From the Archives: Son of the Father (A Poem)

The old man’s fingers trembled
As his body took the strain
Not from the load he carried
But the weight of words that stained.
Words that robbed, words that cut
Words that tore and hung.
“My ways are not your ways Father
A new life I have begun”.

This soul’s ache, this tear, this throb
Had not always been this way.
Now his heart rolled back the clouds
To sit in brighter day,
When age and youth sat, as it were,
In unified desire
With single breath and matchless hope
Awaiting their Messiah.

Slow the years seemed as
Age and youth grew longer.
One content to object in quiet
While the other’s zeal grew stronger.
So here stands age, with trembling hand
Gazing from an empty door
His dreams had gone. His only son.
Just questions for what’s in store.

Years fell away with unspoken words
And memories of jaded dreams.
Whispers of Zealot’s who’d strike in the night,
Though not near enough it seems.
More whispers had passed of a Rabbi who spoke
Like none had done before.
But hopes of the Messiah had faded dim
When his son walked out that door.

Now the crowds gathering and then
Earth seemed to hold her breath,
And his chest gripped him tightly
From some impending silent death.
Now swept along like a fight
That cannot alone be fought
He finds himself standing on
The stones of Pilate’s court.

Both men thrust before the throng
Were bloodied, beat and torn.
Yet one stood calm and steady
The other, dejected, forlorn.
Now as his eyes see past the blood
Through all that time had done,
The old man stumbled and fought for breath
As his eyes beheld his son.

Passion for God’s purpose
Had born a bitter soul
Who wrenched the gavel from God’s hand
To meter out wrath’s bowl.
From Zealot to thief, he found
His misery unstemmed
Now more, a murderer –
Guilty. Convicted. Condemned.

So when the choice was given
Who would suffer the tree and die?
T’was the frail voice of an aged man
Who was the first to cry.
“Give us Barabbas, a father’s son,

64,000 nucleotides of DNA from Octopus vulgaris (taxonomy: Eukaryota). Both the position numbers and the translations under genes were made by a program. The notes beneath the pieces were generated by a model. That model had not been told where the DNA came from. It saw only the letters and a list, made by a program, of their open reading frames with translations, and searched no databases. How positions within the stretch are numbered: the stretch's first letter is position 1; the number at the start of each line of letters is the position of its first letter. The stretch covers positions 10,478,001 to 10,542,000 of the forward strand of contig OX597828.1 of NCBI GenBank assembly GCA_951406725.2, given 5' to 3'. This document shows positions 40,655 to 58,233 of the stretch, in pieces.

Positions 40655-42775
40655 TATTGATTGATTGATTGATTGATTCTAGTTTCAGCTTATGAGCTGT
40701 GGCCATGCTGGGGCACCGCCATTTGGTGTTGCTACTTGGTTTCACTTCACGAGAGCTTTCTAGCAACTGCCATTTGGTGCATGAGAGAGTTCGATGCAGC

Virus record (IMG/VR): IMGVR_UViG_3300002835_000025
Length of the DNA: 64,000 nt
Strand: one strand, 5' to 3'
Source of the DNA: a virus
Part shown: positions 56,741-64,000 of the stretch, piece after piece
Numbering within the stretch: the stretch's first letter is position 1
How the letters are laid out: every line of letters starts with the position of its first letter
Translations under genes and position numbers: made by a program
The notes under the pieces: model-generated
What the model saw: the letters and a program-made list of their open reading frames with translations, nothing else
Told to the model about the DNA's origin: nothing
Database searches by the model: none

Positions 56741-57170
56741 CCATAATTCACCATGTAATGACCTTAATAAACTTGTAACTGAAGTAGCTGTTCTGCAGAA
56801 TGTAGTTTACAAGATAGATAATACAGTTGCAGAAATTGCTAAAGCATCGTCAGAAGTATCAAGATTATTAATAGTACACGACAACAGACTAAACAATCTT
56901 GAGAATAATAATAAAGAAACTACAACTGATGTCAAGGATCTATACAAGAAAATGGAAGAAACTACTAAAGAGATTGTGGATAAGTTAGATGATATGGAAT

I cannot lose him twice.
His sin is great, but he’s my son,
So the other must bear the price”.

As Pilate gestured toward the Priests
It was certain that death be done.
Now the words that cried above the crowd
Were to secure his only son,
“Crucify him, crucify him, He will not reign over me”.
Then the crowd joined voice with his
And sent Jesus to the tree.

Now age and youth sit once again
In unified desire
With single breath and matchless hope
Awaiting their Messiah.
It was the younger who now spoke with
Tears streaming down his face.
“Father, now I see, it was He
Who took my place”.

Now a different crowd had gathered
But still scared all the same
As people heard a thundering and
Beheld the Spirit’s flame.
They looked and saw just fishermen
Who spoke tongues of foreign men.
Then one stood up among them
Whose voice brought pain again.

The old man’s fingers trembled
As his body took the strain
Not from the load he carried
But the weight of words that stained.
Words that robbed, words that cut
Words that tore and hung.
“It was you who crucified Him!
By you this wrong was done”.

Before he knew it, without choice
He heard himself cry out
And what started as a whisper
Became a steady shout.
The crushing guilt of sin
Caused tears to cloud his view.
“Brother quick, please tell us now,
What is it we must do?”

Three thousand precious souls that day
Were saved from hell’s wide door.
The older and the younger too
Among the crowd who saw
The light of the gospel of the glory of Christ
As it were, in Jesus face
And bowed their head, and bent their knee
To the one who took their place.

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